December’s market instability and resulting Fed capitulation to the marketplace continue to reverberate. At this point, markets basically assume the Fed is well into the process of terminating policy normalization. Only a couple of months since completing its almost $3.0 TN stimulus program, markets now expect the ECB to move forward with some type of additional stimulus measures (likely akin to its long-term refinancing operations/LTRO). There’s even talk that the Bank of Japan could, once again, ramp up its interminable “money printing” operations (BOJ balance sheet $5.0 TN… and counting). Manic global markets have briskly moved way beyond a simple Fed “pause.”
There was the Thursday Reuters article (Howard Schneider and Jonathan Spicer): “A Fed Pivot, Born of Volatility, Missteps, and New Economic Reality: The Federal Reserve’s promise in January to be ‘patient’ about further interest rate hikes, putting a three-year-old process of policy tightening on hold, calmed markets after weeks of turmoil that wiped out trillions of dollars of household wealth. But interviews with more than half a dozen policymakers and others close to the process suggest it also marked a more fundamental shift that could define Chairman Jerome Powell’s tenure as the point where the Fed first fully embraced a world of stubbornly weak inflation, perennially slower growth and permanently lower interest rates.”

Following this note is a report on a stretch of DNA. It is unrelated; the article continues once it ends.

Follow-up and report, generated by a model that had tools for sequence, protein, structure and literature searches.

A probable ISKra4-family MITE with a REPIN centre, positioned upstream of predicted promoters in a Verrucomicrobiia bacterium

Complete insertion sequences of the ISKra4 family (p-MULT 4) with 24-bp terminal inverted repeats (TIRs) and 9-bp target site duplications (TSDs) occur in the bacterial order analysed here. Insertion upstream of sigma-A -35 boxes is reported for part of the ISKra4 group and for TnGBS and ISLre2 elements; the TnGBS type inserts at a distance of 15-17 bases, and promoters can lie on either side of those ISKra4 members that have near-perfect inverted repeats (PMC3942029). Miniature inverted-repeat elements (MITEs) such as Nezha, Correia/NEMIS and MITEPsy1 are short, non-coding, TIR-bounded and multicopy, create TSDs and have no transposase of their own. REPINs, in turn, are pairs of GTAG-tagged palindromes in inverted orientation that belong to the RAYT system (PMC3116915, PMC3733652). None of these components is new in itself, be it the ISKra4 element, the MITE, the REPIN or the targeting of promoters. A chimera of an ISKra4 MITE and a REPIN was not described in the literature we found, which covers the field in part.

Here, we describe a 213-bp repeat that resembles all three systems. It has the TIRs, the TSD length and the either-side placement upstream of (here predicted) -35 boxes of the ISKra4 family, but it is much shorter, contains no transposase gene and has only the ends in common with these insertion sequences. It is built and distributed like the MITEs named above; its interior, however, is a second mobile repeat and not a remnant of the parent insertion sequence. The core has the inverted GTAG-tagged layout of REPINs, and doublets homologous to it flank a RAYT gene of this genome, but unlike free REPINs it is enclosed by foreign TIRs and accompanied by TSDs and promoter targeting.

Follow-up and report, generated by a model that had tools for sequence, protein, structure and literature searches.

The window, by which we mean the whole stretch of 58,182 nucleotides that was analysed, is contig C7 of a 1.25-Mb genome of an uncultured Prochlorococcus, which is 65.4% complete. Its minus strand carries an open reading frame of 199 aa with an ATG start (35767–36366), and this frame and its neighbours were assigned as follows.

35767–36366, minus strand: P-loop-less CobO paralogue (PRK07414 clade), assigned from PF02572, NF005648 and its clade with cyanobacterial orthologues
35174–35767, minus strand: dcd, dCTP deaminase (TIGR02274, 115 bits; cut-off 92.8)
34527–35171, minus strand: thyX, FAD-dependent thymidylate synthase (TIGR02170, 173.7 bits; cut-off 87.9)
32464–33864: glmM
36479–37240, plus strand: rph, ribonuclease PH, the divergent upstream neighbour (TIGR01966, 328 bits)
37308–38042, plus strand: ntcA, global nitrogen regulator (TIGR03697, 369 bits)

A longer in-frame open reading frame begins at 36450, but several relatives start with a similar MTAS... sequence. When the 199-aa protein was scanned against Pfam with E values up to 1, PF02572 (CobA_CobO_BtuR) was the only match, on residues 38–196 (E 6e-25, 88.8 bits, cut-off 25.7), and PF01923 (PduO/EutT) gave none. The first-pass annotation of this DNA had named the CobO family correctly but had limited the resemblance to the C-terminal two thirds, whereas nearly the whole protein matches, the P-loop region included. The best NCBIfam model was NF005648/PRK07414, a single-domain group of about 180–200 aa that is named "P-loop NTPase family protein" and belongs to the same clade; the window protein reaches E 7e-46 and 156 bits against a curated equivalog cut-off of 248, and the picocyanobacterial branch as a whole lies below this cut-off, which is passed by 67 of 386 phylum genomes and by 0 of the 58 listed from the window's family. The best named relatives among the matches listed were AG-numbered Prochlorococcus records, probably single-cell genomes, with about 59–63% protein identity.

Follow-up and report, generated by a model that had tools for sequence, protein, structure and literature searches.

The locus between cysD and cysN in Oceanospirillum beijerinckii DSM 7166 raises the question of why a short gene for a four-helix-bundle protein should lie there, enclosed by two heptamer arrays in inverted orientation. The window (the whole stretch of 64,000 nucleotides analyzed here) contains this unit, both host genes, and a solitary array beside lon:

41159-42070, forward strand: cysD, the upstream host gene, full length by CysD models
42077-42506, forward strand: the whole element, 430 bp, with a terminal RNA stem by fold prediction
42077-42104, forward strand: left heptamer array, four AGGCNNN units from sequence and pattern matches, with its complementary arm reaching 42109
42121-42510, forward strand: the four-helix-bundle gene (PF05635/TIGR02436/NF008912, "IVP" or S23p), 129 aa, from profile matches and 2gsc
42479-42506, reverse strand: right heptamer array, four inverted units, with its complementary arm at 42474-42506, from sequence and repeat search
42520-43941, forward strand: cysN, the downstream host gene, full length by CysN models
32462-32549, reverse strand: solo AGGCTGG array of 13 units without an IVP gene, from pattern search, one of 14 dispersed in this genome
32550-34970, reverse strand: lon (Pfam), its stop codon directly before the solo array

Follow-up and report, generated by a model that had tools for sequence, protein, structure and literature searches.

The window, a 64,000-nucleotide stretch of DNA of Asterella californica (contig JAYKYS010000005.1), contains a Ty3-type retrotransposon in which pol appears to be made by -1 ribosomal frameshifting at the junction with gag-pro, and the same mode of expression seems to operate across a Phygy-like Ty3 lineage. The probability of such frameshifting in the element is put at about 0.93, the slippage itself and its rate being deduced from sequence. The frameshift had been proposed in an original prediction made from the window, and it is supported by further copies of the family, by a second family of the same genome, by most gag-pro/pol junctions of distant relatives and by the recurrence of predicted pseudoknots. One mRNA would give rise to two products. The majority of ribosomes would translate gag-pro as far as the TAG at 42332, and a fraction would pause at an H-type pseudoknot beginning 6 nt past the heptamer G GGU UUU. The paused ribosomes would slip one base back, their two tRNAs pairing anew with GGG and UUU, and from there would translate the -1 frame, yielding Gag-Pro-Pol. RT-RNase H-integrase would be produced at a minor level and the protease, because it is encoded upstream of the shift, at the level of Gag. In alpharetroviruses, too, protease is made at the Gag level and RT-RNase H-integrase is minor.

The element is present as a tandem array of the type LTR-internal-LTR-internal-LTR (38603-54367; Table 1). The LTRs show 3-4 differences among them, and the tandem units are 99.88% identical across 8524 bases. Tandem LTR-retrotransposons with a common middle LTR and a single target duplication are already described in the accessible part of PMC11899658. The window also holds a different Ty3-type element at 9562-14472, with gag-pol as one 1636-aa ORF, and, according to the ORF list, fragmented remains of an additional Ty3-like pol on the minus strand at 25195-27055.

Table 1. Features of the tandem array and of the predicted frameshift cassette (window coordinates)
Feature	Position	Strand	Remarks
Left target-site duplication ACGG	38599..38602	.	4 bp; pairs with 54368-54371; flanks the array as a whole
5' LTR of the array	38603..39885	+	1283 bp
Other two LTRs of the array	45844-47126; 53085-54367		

And then Friday from the Financial Times (Sam Fleming): “Slow-inflation Conundrum Prompts Rethink at the Federal Reserve: Ten years into the recovery and with unemployment near half-century lows, the Federal Reserve’s traditional models suggest inflation should be surging. Instead, officials are grappling with unexpectedly tepid price growth, prompting some to rethink their strategy for steering the US economy. John Williams, the New York Fed president, said on Friday that persistently soft inflation readings over recent years could damage the Fed’s ability to convince the general public it will hit its 2% goal.
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